Probyn: You'll be glad to know "Surf's Up" is in the current set. "Heroes..." remains a difficult one to pull off largely because the vocals are so dense, but it is certainly one of my faves, and debuting it at the Radio City tribute was a blast. There are often surprises in the setlist, we like to mix it up. Brian even had us do "Papa Oom Mow Mow" last year in Harrisburg, PA, we learned it at soundcheck. The arrangements are 99% from the records, or in the case of new stuff, from Brian's or other writer's heads (cf Andy Paley). Setlists, while not handed down by executive fiat, are usually worked out by Brian, Melinda, Darian and Jeff Foskett.

E.C.: I know you can't just go up and ask Brian about Smile and the "Masterplan" for Smile that he was talking about last year, but let me ask you this. One speculation was that the "Masterplan" was to slowly incorporate some of the Smile songs into the live set. I'm not talking about a full-blown Smile tour, but a lot of the songs. What are your feelings?

Probyn: Personally, I'm torn: as a fan, I know if I was paying the kind of ticket price they're asking, I'd want as much SMILE stuff and non-hits as I could get, and here at least is a band capable of doing a lot of that challenging material. And lot of us in the band cherish that stuff and would love to play it. On the other hand, and most importantly, Brian doesn't feel comfortable doing certain tunes, who knows why, maybe because there's some association with a hard time in his life. That's his business, not ours. And after all, who is this show about anyway? Sure, the band could get up and hack out covers of "Cabinessence" and "The Old Master Painter" even, but it wouldn't mean squat without Brian's participation. Not that he can't change his mind ó he originally balked at "Til I Die", and we're doing that one now. I guess the "plan" you outline is unwittingly managing to effect itself, as tunes from that era ARE making it into the set, without any concerted agenda being followed. "Our Prayer" and "Surf's Up" are now staples. Only time will tell what else gets added.

E.C.: Tell me about your work with the Eels and the Negro Problem. Has your work with these bands been put on hold?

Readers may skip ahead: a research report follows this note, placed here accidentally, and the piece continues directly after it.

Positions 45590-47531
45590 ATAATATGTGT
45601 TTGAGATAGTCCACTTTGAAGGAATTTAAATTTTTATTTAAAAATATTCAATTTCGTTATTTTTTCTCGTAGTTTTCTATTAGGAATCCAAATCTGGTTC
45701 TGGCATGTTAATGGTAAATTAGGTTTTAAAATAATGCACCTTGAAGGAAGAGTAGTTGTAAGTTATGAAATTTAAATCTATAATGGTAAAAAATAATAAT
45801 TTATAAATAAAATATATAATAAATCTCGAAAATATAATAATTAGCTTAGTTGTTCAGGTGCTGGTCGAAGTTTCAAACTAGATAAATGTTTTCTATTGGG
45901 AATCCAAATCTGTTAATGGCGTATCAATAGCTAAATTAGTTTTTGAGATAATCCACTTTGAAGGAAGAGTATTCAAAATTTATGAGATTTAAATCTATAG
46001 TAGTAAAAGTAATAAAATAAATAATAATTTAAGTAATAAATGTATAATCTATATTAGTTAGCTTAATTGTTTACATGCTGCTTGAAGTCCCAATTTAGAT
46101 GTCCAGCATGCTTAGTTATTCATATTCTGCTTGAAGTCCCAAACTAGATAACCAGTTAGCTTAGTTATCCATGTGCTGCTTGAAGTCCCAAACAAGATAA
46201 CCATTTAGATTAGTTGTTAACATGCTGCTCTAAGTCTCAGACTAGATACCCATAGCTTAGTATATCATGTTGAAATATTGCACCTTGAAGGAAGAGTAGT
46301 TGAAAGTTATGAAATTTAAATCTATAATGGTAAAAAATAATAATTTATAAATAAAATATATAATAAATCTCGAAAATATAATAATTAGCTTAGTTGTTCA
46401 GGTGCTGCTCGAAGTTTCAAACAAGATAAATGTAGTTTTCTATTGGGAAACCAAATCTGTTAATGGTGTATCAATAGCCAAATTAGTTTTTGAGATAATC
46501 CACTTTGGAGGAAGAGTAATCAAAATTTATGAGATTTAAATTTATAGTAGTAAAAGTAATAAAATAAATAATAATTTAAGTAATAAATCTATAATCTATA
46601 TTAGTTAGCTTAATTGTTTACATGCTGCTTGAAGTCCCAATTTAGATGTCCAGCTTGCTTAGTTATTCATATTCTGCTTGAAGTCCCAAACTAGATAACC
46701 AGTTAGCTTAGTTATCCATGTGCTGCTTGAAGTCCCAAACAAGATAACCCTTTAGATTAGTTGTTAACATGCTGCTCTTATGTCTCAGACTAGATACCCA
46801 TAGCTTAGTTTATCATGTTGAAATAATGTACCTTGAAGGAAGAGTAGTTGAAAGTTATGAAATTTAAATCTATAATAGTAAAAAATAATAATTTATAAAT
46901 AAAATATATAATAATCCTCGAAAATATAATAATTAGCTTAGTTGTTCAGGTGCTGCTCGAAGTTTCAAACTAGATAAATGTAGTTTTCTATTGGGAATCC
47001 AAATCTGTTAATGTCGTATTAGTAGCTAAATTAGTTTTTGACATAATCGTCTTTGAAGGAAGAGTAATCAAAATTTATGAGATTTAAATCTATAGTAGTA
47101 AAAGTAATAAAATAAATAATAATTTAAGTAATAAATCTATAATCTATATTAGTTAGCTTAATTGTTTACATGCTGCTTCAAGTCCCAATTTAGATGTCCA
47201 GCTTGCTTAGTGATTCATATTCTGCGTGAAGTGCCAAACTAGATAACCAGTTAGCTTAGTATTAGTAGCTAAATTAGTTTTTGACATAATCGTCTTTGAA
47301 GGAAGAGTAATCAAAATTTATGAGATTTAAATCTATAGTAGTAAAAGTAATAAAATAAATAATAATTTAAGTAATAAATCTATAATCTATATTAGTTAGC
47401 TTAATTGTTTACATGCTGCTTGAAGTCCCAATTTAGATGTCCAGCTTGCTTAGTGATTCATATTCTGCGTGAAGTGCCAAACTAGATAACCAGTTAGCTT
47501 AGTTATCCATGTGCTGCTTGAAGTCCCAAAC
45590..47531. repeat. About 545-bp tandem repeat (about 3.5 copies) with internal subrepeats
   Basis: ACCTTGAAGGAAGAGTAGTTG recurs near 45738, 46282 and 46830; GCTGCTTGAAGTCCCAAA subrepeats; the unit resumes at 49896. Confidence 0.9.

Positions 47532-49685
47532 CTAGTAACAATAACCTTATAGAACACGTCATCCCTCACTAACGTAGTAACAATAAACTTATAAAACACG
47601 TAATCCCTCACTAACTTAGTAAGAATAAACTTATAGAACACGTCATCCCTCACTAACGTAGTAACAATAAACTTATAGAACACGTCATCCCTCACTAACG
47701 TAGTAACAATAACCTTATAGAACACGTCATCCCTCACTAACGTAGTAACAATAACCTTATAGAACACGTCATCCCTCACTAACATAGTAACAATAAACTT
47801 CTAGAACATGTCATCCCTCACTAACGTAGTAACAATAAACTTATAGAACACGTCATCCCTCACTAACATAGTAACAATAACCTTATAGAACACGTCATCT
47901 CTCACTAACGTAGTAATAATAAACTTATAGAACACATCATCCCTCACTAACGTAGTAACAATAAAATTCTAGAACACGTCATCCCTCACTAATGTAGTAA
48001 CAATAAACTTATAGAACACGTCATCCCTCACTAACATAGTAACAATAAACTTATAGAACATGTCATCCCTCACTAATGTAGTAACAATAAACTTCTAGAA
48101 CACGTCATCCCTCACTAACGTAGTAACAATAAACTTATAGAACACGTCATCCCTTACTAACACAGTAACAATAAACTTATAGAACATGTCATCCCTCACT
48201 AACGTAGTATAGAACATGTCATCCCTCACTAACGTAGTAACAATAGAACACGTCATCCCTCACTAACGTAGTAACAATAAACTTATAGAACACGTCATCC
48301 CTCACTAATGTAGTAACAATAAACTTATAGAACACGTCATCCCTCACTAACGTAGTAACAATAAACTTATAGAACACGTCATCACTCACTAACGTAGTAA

Probyn: I was in the right place at the right time with the mercurial Eels. I toured in the trombone/trumpet spot when that was the sound they had going. The new record is somewhere else so I'm tacet for the moment, but I'm still buds with them. I beat their ass at croquet at their studio the other day. As for the Negro Problem, I'm always happy to jump into whatever fray they're ensconced in. When BW ended the Pet Sounds tour, the very next night I joined the TNP tour opening for Counting Crows, and until it fell through, I was to have played with TNP in London this week. It's true I missed the Stew/TNP residency this summer when I was out on the Paul Simon/BW tour, but you can't have everything.

E.C.: Do you write songs and if so, which one of the groups that you are working with will play them?

Probyn: Well, I just finished work on a record by the Mello Cads, which mines loungy terrain, and I wrote or co-wrote a lot of that. Once in a while I'll do a solo show, and that's where my new stuff will see the light of day. Or if you're some little kid, you might have had shoved down your throat one of the 19 songs I did for a Children's Television Workshop science multi-media book a year or so ago.

E.C.: Finally, what do you see yourself doing, musically in say 5 years?

Probyn: Hoo boy, tough one. Probably writing for film/TV, still playing on recordings, maybe even doing a smidgen of live playing. Most likely either spending my time trying to bend the rules of whatever recording medium is industry standard at that time, or learning a new instrument. Pedal steel, here I come! Acoustic sounds interest me most; no synth or sample will ever catch the full nuances and range of statement of a real instrument.